A stud animal is a registered animal retained for breeding. The terms for the male of a given animal species (stallion, bull, rooster, etc.) usually imply that the animal is intact—that is, not castrated—and therefore capable of siring offspring. A specialized vocabulary exists for de-sexed animals (gelding, steer, etc.) and those animals used in grading up to a purebred status.
Stud females are generally used to breed further stud animals, but stud males may be used in crossbreeding programs.Both sexes of stud animals are regularly used in artificial breeding programs.
A stud farm, in animal husbandry, is an establishment for selective breeding using stud animals.This results in artificial selection.
A stud fee is a price paid by the owner of a female animal, such as a horse or a dog, to the owner of a male animal for the right to breed to it. Service fees can range from a small amount for a local male animal of unknown breeding to several hundred thousand dollars for the right to breed a champion Thoroughbred race horse such as Storm Cat, who has earned stud fees of up to US $500,000.
Many owners of high-quality stallions also offer a live foal guarantee with a breeding, usually defined as a guarantee that once the mare leaves the stud farm confirmed to be in foal by a veterinarian, she will give birth to a foal that stands and nurses, or else the stud farm will re-breed the mare for no stud fee the following season.
Most stud fees do not include the costs of boarding the female animal at the location of the stud animal, or the cost of collecting and shipping semen if artificial insemination is used in lieu of live cover. Any veterinary expenses or medications are also an additional cost to the owner of the female animal.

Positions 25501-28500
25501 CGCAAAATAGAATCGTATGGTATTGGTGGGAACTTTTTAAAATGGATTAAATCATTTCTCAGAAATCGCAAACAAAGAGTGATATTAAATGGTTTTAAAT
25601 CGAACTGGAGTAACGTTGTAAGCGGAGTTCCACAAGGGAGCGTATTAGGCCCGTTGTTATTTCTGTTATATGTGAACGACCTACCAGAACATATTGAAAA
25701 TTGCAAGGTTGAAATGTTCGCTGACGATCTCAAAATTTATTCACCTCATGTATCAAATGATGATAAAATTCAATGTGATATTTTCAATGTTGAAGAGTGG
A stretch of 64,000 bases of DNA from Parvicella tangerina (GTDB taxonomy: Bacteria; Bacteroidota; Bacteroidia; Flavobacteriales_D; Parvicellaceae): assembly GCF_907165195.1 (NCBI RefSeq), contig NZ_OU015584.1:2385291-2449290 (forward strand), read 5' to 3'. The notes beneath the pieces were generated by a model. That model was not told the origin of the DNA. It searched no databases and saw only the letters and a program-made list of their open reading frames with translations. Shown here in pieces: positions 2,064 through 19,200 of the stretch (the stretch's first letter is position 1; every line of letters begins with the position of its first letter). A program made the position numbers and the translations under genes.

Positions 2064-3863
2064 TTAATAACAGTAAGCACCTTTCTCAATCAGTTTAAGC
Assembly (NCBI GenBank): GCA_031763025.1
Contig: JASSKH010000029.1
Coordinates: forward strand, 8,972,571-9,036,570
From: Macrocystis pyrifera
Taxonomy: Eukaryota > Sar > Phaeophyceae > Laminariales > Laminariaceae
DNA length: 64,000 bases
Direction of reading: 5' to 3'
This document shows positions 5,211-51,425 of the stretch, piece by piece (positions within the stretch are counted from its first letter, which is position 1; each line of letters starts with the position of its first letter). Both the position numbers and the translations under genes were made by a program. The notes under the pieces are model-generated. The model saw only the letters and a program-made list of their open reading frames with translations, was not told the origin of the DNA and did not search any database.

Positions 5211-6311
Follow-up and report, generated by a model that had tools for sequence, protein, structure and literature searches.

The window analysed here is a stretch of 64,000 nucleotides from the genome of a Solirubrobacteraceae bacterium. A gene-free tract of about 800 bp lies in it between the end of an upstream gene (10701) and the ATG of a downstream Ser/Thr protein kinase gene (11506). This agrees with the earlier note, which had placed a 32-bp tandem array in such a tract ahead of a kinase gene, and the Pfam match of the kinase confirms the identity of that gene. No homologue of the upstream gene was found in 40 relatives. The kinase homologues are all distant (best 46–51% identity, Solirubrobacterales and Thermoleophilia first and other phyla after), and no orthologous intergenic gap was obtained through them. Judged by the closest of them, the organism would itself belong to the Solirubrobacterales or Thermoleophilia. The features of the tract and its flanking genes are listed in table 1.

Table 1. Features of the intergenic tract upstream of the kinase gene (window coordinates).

A horse breed is a selectively bred population of domesticated horses, often with pedigrees recorded in a breed registry. However, the term is sometimes used in a broader sense to define landrace animals of a common phenotype located within a limited geographic region, or even feral “breeds” that are naturally selected. Depending on definition, hundreds of "breeds" exist today, developed for many different uses. Horse breeds are loosely divided into three categories based on general temperament: spirited "hot bloods" with speed and endurance; "cold bloods," such as draft horses and some ponies, suitable for slow, heavy work; and "warmbloods," developed from crosses between hot bloods and cold bloods, often focusing on creating breeds for specific riding purposes, particularly in Europe.
Horse breeding is reproduction in horses, and particularly the human-directed process of selective breeding of animals, particularly purebred horses of a given breed. Planned matings can be used to produce specifically desired characteristics in domesticated horses. Furthermore, modern breeding management and technologies can increase the rate of conception, a healthy pregnancy, and successful foaling.
The Lipizzan or Lipizzaner, is a horse breed named for the Lipizza Stud of the Habsburg monarchy. The breed is closely associated with the Spanish Riding School of Vienna, Austria, where the horses demonstrate the haute école or "high school" movements of classical dressage, including the highly controlled, stylized jumps and other movements known as the "airs above the ground." The horses at the Spanish Riding School are trained using traditional methods that date back hundreds of years, based on the principles of classical dressage.
The New Forest pony is one of the recognised mountain and moorland or native pony breeds of the British Isles. Height varies from around 12 to 14.2 hands ; ponies of all heights should be strong, workmanlike, and of a good riding type. They are valued for hardiness, strength, and sure-footedness.